I'm rather proud of my English handwriting. My cursive is neat, fast to write, distinctive, and, in my opinion, pretty. My Hindi handwriting is . . . not. It's slow, I have a hard time writing the letters straight, and I'm pretty sure I'm not making the strokes in the correct order.
I've downloaded a few worksheets for kids learning to write Devanagari, and I actually have a book that teaches Devanagari in a little more detail, but I'd really like to know if anyone has some advice?
One of the things that bothers me is that, apparently, I should be drawing in the top line (from which the characters 'hang') last, but then the characters are uneven and tend to slope quite a bit. This is probably a noob question, but, if I'm writing in a lined notebook, should I be writing under, instead of over, the line? How do native speakers (writers?) write?
One last thing: in English, I primarily use cursive, and it's pretty fast. Is there an equivalent in Hindi?
There isn't really a preferred stroke order in Devanagari but you can go through the animations for writing the letters on the Hindi script tutor.
If you are writing in a lined book, write with the top line as reference rather than the bottom one like in English. Then, you can trace the shirorekha (line at the top of a word) over the line of the book once you're done with the word.
Hindi doesn't have a cursive equivalent.
Yeah, the shirorekha (thanks for the new word!) was giving me real grief. I actually thought of using the top line as a guide as I was asking the question last night, and I can't believe it took me this long to think of it. I'll look through the Script Tutor – that looks really helpful! Thank you!
https://drive.google.com/file/d/1LinpqTQEWsgeLk57hEaI079OnBg8sDq-/view?usp=drivesdk <-This is how natives usually write .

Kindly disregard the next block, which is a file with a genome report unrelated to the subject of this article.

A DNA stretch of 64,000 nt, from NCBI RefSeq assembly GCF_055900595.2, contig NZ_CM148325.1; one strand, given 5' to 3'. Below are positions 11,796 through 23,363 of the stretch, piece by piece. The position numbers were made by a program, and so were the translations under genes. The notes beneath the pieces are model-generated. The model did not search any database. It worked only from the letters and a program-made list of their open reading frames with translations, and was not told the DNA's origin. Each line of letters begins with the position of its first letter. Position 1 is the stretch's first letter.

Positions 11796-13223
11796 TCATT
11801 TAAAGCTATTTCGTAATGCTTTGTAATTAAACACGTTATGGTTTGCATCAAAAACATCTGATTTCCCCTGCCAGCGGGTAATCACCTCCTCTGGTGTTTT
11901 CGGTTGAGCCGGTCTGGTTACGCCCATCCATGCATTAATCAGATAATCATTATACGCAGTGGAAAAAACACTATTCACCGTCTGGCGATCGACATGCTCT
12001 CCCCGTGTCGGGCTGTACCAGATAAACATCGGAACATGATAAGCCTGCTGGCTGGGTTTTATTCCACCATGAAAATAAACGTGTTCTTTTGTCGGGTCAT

https://drive.google.com/file/d/1LkUKpyxHPtmVmH77ZgNPR3mnoIvO87-w/view?usp=drivesdk <= This is how natives usually writes in a 'lined notebook'.
P.S. It's the first time I have tried to share some image/gif on duolingo . I am not sure if you will be able to see or open it .
As a kid, I always had a better clarity and speed when writing English over Hindi (I guess I had an affinity towards english) so my mother got me a tonne of these books https://www.amazon.in/s?k=hindi+sulekh+pustak&crid=3GP1KS1CEC2MF&sprefix=hindi+sulekh+%2Caps%2C346&ref=nb_sb_ss_i_4_13 I used to fill a shittonne of them in my summer vacations. They certainly help. You can finish a set and then move on to write 1 Page of Hindi (copy from your choice of book) everyday.
Fun tip- Su is a prefix that gives a positive meaning to the word (It's opposite prefix is Ku, sometimes dur too) So Sulekh means good writing (antonym would be Kulekh- bad writing) Another example- Suputra (Good son), Kuputra (bad son)
These are very useful. Here is a link to 53 YouTube videos by Anil Mahato how to correctly write Devanagani letters and how to pronounce each one: https://youtube.com/playlist?list=PLSzKbnydlhPJvw8Mf3cok1CvzvZcisYv_
Native Indian here! I have written Hindi as well as Marathi (which also uses the Devanagari script) for 7 years in school. My handwriting in Hindi is better than in English. For the Devanagari script, you write the word UNDER the notebook's ruled line (and not over the line) and then draw the "shirorekha" (top line) at the end. However, it takes practice to write neatly.
Practice a lot to ensure that you leave enough space between words on two consecutive lines so that "matras" on two consecutive lines do not clash e.g. ु on one line with ो on the next one. for e.g. कू on one line may clash with the ऎ on the next line.
Hindi has no cursive equivalent but the beauty of Devanagari is that it is highly phonetic.